Skip to main content

Keep Problem Try (KPT)

A simple, action-focused retrospective to help you improve

keep problem try retrospective

What is a Keep Problem Try retrospective?

Keep Problem Try (KPT) is more than a meeting template. It’s a way to learn from how you’ve worked in the past, and use that to do better going forward. Your team will look closely at what served you well, what posed a challenge, and how you could change up your work in fresh, exciting ways. 

KPT was originally invented by Alistair Cockburn, one of the co-authors of the agile manifesto.

Today, it’s especially popular in Japan among software and product teams and has been used by Toyota. Some even attribute it to Toyota rather than Alistair Cockburn.

Keep Problem Try retrospective prompts

Here are the prompts for a Keep Problem Try retrospective meeting: 


What made this past sprint or project exceptional? What do you want to keep doing, or do even more of?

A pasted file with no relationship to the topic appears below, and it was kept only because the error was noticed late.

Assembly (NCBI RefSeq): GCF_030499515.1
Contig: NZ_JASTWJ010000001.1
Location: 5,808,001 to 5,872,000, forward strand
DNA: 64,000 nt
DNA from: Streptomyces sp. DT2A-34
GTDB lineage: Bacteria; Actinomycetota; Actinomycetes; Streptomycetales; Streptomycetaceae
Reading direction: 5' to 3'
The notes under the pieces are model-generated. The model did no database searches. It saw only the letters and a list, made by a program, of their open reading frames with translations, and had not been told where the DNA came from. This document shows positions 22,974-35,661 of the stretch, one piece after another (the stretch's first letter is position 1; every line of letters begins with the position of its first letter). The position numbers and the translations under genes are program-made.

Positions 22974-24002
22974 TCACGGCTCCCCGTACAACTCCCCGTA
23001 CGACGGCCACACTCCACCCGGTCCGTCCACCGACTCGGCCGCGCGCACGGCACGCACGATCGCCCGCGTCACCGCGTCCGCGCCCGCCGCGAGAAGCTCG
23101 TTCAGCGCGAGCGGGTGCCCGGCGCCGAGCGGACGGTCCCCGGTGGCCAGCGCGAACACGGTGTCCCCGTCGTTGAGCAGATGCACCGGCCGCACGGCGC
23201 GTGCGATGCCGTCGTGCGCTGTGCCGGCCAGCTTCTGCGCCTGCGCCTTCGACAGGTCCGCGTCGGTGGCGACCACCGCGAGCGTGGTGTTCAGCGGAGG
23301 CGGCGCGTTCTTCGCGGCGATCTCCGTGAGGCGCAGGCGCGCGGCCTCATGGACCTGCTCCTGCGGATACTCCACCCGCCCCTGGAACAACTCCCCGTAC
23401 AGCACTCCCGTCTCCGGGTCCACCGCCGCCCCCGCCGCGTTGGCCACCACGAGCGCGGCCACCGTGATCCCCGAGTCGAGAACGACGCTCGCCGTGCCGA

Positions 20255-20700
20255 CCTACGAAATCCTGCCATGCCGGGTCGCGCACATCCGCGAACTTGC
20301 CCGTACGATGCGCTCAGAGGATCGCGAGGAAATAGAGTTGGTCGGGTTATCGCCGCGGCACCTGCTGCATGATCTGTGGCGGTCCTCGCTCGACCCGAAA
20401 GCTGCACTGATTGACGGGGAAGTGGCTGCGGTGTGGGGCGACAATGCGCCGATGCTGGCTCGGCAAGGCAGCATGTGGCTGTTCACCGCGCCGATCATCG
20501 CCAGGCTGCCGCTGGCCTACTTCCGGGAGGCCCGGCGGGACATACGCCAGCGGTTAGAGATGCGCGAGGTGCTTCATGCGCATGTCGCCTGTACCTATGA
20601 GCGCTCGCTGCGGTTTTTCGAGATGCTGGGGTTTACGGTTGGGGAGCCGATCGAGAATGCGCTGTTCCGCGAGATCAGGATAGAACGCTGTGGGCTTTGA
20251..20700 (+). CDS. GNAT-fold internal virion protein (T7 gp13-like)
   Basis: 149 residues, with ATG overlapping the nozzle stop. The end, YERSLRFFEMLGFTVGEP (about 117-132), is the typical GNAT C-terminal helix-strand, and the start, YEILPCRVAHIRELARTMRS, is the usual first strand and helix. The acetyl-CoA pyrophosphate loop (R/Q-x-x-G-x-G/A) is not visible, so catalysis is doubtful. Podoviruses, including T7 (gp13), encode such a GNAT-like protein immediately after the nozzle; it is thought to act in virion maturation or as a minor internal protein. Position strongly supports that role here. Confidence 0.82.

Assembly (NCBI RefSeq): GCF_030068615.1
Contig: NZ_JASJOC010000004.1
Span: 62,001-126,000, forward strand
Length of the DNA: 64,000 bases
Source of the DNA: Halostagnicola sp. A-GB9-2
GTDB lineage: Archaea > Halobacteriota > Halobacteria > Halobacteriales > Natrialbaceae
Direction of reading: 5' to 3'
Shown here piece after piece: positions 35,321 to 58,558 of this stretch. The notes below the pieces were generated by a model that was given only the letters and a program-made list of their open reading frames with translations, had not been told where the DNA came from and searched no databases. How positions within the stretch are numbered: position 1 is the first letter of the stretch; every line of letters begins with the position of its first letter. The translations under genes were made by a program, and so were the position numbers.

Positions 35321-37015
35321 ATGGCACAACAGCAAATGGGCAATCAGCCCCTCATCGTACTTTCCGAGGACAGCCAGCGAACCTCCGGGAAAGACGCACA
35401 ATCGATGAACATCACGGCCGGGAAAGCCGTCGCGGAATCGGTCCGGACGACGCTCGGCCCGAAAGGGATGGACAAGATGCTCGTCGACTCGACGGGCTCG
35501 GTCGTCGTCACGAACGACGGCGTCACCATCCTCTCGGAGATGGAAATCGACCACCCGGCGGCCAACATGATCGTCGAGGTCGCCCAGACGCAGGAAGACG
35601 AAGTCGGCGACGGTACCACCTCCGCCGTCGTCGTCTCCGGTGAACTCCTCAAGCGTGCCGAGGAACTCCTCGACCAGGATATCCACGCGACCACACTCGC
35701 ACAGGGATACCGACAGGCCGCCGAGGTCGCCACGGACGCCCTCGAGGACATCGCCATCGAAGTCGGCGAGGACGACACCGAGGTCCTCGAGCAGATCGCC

Some items to keep will probably come to mind right away. For example, you’ll be excited to talk about techniques that led to major wins, or risky experiments that paid off. 

But don’t forget the things that work so well you might not even notice them anymore! You definitely want to keep the processes that are a key part of your workflow, so it’s worthwhile to talk about them, too. 

If one of your team members was responsible for the good things you’d like to keep, this is the time to personally thank them! 

Example: I really love our flexible working days. Having the option to start a little later, or take a longer lunch, helps me make sure I’m always working at my best. 


It’s great to know what works. But it’seven more valuable to analyze what went wrong. 

For this prompt, everyone will share the problems and tough situations they ran into. Those don’t have to be big, scary obstacles. Small, personal challenges have a lot to teach us, too.  

If you found a way to solve these problems, you could share that now. Potential solutions you haven’t tried out yet should be saved for the next prompt.